The best Zion National Park hikes

From Angels Landing to the Narrows, you’re spoilt for spectacular choices.
view of zion national parl central canyon


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There are hikes, and then there are Zion National Park hikes.

Soaring red cliffs and lush valley floors are the bare and brilliant backdrop for some of the country’s most thrilling trails. The park caters to a staggering range of adventurers, from casual nature strolls to gravity-defying bouldering routes—sure to win the hearts of all who visit.

Unlike some other parks, however, Zion requires a little prior planning. For much of the year, accessing the trailheads with a personal vehicle is impossible. A park shuttle solves the problem, but visitors must know which trail they’re heading for before grabbing a ride.

To help, we’ve done a deep dive into the best Zion National Park hikes.

Happy Trails.

Angels Landing

Shuttle Stop: The Grotto
Difficulty: Strenuous and dangerous
Popularity: Extremely popular – permit required
Distance: 5.5 miles roundtrip
The rundown: Often touted as one of the greatest day hikes in the world, Angels Landing is stupendous.

Famously intimidating, what begins as a pleasant and gentle hike quickly transforms into a string of steep cutbacks along the east wall of the cliff. A rapid incline with steep drops just feet away is only made more comforting by the presence of a heavy metal chain. Beyond the ascent, climbers are met with a devastatingly narrow stone staircase that traces the crest of a knife-edge ridge. Both sides have sheer drops. Those who make it are rewarded 360-degree vistas of the valley and bragging rights over all those who turned back, stomachs churning a little too much.

The Angels Landing hike is not for everyone. If you’re new to hiking, give it a miss, and you should leave children at home too. If you want to climb, you’ll need a permit. Places are distributed via a lottery system, so plan well ahead. Despite the lottery, the trail can still be busy, triggering tailbacks on the scariest points.

The Narrows

Shuttle Stop: Temple of Sinawava
Difficulty: Moderate level of fitness required
Popularity: Popular
Distance: 5-9 miles out and back, depending on turn-back points
The rundown: On the opposite end of the spectrum is The Narrows hike. Whereas Angels Landing takes you skywards, The Narrows lets you appreciate the National Park’s scale from its lower reaches.

Much of the route meanders through mesmerizing rock formations, forging great tunnels and 1,000-foot walls on either side—this section is amusingly nicknamed Wall Street. The most unique aspect of this hike is that it’s almost entirely in water. While you won’t be swimming, you will be wading, which adds to the required effort. Make sure to pack waterproof hiking boots, not hiking sandals.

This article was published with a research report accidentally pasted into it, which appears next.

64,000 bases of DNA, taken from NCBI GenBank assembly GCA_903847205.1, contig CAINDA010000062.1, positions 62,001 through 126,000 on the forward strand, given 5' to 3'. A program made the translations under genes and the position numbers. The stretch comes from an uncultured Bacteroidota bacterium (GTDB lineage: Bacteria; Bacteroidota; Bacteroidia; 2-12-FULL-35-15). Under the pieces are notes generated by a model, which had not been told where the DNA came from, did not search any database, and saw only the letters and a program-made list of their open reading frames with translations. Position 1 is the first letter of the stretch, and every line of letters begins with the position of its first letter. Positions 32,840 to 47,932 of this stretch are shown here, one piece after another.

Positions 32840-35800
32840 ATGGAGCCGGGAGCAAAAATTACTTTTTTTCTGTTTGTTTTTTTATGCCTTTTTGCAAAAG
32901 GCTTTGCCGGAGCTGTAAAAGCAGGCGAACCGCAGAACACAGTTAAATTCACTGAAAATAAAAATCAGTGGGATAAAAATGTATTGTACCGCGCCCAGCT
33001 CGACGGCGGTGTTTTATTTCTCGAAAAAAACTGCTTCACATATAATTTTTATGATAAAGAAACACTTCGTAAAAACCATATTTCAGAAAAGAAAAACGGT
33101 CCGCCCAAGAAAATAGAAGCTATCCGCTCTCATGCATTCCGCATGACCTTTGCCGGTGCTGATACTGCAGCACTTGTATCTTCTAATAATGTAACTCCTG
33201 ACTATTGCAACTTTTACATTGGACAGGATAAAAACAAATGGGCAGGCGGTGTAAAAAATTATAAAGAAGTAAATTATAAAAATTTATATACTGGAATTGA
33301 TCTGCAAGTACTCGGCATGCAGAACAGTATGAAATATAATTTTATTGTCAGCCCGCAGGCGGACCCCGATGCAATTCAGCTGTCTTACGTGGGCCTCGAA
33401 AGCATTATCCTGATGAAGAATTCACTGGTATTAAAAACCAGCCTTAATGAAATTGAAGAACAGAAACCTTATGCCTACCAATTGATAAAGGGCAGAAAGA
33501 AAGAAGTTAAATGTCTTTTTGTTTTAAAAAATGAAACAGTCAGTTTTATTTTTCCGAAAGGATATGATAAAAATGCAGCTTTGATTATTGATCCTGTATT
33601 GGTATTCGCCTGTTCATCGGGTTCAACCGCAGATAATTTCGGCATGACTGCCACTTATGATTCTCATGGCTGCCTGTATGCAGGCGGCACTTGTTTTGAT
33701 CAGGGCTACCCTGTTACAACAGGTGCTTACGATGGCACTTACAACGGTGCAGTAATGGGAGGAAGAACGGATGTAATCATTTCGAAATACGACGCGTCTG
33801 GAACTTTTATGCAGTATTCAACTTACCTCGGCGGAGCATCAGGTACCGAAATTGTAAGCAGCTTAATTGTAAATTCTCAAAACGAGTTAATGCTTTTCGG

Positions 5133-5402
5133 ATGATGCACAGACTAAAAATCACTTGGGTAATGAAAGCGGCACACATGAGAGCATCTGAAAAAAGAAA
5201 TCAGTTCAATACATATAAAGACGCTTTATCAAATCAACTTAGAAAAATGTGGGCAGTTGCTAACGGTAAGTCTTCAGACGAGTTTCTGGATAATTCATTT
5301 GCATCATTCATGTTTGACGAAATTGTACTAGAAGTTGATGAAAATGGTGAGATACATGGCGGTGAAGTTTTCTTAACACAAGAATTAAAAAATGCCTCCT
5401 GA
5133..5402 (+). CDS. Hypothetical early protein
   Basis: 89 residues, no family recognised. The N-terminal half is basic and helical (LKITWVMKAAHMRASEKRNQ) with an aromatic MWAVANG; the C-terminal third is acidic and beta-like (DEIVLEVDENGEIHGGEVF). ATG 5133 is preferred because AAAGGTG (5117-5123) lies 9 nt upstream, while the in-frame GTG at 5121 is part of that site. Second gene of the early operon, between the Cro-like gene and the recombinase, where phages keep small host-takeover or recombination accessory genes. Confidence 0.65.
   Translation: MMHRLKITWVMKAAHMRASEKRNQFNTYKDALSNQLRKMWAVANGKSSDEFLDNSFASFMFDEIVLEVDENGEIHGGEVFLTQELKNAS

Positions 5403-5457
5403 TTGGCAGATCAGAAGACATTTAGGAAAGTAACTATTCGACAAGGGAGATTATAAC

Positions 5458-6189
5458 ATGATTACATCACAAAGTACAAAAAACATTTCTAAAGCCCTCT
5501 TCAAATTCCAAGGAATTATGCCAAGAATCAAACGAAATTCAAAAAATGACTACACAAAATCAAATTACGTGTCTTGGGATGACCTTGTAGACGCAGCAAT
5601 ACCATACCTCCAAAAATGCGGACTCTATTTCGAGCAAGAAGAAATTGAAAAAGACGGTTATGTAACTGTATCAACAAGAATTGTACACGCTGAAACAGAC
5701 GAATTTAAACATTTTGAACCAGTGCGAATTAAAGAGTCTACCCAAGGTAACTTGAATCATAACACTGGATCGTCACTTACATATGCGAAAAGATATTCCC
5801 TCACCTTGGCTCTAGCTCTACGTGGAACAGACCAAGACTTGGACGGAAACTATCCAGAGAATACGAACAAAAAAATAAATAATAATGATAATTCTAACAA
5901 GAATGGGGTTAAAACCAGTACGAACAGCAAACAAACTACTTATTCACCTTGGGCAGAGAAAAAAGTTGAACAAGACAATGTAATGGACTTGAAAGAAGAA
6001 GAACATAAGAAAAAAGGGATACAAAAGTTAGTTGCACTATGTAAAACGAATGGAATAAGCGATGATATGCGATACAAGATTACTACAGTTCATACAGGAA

As one of the best Zion National Park hikes, it’s very popular. But unlike Angels Landing, it doesn’t require a permit. Do check for closures before your visit, however, as rangers will close the trail if water levels are too high.

Emerald Pools Trail

Shuttle Stop: Zion Lodge
Difficulty: Easy to moderate
Popularity: Very popular
Distance: 1.2, 2, or 2.5-mile roundtrip, depending on the choice
The rundown: If scaling thousand-foot cliffs or wading through miles of river isn’t your cup of tea, the Emerald Pools Trail is among the best Zion National Park hikes for you.

The path is well-trodden, and the lower pool route is even wheelchair accessible. There are three stunning green pools filled over the ages by trickling water from the rock formations above. Visiting all three requires a 2.5-mile roundtrip, while the first pool will only be a 1.2-miler. 

Don’t assume that its accessibility means it’s any less spectacular. Hikers on the Emerald Pools Trail are gifted stunning views of the valley, unique geoformations, and of course, the pools themselves. Just don’t swim in them. If you’re short on time or bringing kids along, this is an excellent choice. 

Canyon Overlook Trail

Shuttle Stop: Private vehicle parking only, get there early
Difficulty: Easy
Popularity: Very popular
Distance: 1-mile roundtrip 
The rundown: Another easy option best suited for a quick visit to the park. Despite being only a mile long, this comfortable roundtrip takes in some of the signature views of the park, including the Great Arch, Pine Creek slot canyon, and the imposing Towers of the Virgin.

Canyon Overlook is only accessed from Highway 9, so you’ll need your own vehicle to get there. Its popularity means it can be jam-packed, and if you’re not there early enough, you’ll be unlikely to find a space.

Observation Point

Shuttle Stop: Weeping Rock
Difficulty: Moderately challenging (those with a fear of heights, consider if it’s for you)
Popularity: Popular
Distance: 8 miles roundtrip
The rundown: Observation Point is one of the best Zion National Park hikes, offering a delightfully challenging ascent from the valley floor to the soaring ridges above and gifting the best of all aspects of the park.

Its initial ascent is a tantalizing switchback climb, walled in by a grand natural amphitheater that’s been etched away by the river over millions of years. Once at the top, hikers are met with deep sand, staggering cliff views, and a trademark look-back along the canyon itself. You’ll need to be in shape, but there are no technical aspects of the route.

Editorial Disclaimer: Opinions expressed here are the author’s alone. This post contains references to products from one or more of our partners and we may receive compensation when you click on links to those products.

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